I suspect, given that 2008 carries The Most Important Election Since The Last One, that a lot of this year’s Worst Writing will be politically inspired. I’m reasoning from a trend of exactly two entries – Ezra Klein’s laborious handjob to Obama on The American Prospect‘s website, and the winner below – but I feel that’s fair and scientifically valid.
Anyhow, here’s Kathryn Jean Lopez, the editor of National Review (and thus, per Worst Writing’s rules, a valid target in any forum), firing off a quickie blog post:
As I said to Michael Medved on a radio show today, the issue — with some exceptions — is issues.
… okay, what’s the semantic content of that sentence? What exactly is being said here? Even if we excuse the mealy redundancy that’s a cheap substitute for being profound (“the issue … is issues”), the “with some exceptions” completely invalidates it. When you start off vague and then qualify your vagueness, you’re not just saying nothing – you’re wasting your readers’ time.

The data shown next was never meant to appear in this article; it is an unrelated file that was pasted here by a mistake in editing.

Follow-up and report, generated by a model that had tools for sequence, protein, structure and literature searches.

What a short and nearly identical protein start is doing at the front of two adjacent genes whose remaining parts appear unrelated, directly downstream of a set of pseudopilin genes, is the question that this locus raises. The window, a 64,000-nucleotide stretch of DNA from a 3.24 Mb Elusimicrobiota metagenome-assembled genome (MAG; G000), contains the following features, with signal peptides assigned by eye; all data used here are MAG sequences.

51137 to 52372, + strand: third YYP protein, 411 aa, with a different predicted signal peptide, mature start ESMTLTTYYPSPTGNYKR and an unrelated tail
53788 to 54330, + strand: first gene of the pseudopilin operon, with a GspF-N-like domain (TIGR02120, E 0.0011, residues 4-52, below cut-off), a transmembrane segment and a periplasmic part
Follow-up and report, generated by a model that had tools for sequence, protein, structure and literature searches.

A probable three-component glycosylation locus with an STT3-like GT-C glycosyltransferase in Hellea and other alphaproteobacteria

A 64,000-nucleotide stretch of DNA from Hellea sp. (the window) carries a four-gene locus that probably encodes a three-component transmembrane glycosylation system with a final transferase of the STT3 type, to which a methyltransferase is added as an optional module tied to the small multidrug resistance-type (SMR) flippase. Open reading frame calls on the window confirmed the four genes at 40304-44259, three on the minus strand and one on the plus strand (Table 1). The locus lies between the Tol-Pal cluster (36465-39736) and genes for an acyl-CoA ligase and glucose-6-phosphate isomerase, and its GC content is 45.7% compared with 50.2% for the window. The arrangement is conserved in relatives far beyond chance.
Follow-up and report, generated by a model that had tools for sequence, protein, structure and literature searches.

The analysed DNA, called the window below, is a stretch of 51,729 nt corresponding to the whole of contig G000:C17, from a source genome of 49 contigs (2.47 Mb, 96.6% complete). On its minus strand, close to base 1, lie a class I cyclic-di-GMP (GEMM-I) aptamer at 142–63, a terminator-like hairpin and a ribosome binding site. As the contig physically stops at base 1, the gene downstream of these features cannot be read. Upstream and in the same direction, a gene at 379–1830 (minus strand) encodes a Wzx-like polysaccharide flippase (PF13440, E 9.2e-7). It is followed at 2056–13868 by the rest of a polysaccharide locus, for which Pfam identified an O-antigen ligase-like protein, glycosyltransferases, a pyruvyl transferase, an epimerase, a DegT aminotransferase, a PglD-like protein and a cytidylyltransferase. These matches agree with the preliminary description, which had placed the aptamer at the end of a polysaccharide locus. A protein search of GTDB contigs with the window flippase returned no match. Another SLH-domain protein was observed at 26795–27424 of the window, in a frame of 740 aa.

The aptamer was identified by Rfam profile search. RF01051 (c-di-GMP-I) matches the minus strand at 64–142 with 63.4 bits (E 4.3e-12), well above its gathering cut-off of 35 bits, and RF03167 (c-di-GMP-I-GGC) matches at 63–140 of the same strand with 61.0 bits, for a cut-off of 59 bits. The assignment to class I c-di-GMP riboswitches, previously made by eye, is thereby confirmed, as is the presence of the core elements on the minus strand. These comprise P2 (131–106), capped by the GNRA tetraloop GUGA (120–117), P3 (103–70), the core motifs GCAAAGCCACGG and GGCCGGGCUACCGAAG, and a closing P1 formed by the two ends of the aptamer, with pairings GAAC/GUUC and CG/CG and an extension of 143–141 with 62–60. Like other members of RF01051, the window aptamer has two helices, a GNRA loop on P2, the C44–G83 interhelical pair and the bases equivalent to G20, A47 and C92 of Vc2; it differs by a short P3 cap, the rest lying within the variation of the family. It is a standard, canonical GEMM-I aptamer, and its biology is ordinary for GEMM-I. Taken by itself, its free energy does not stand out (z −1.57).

This is primary season, and this is the time to debate record and temperament. I think I agree with Jonah that some perspective is in order — but what does conservative mean? What is a conservative candidate? Do we have one? Etc. [sic] are debates to have now, before it’s too late
The formatting there is atrocious; I think KJL’s trying to say that the debate over “what makes a candidate conservative” is a debate to have during primary season, not later. If you read everything after “I think I agree …” as one sentence, and not four sentences and a fragment, it makes sense. Still …
Sorry, not as much gristle on this bone – hers was a short blog post. But that lead sentence alone struck me hard enough to merit a nomination. Congratulations, National Review!
(thanks to Sadly,No! for the tip)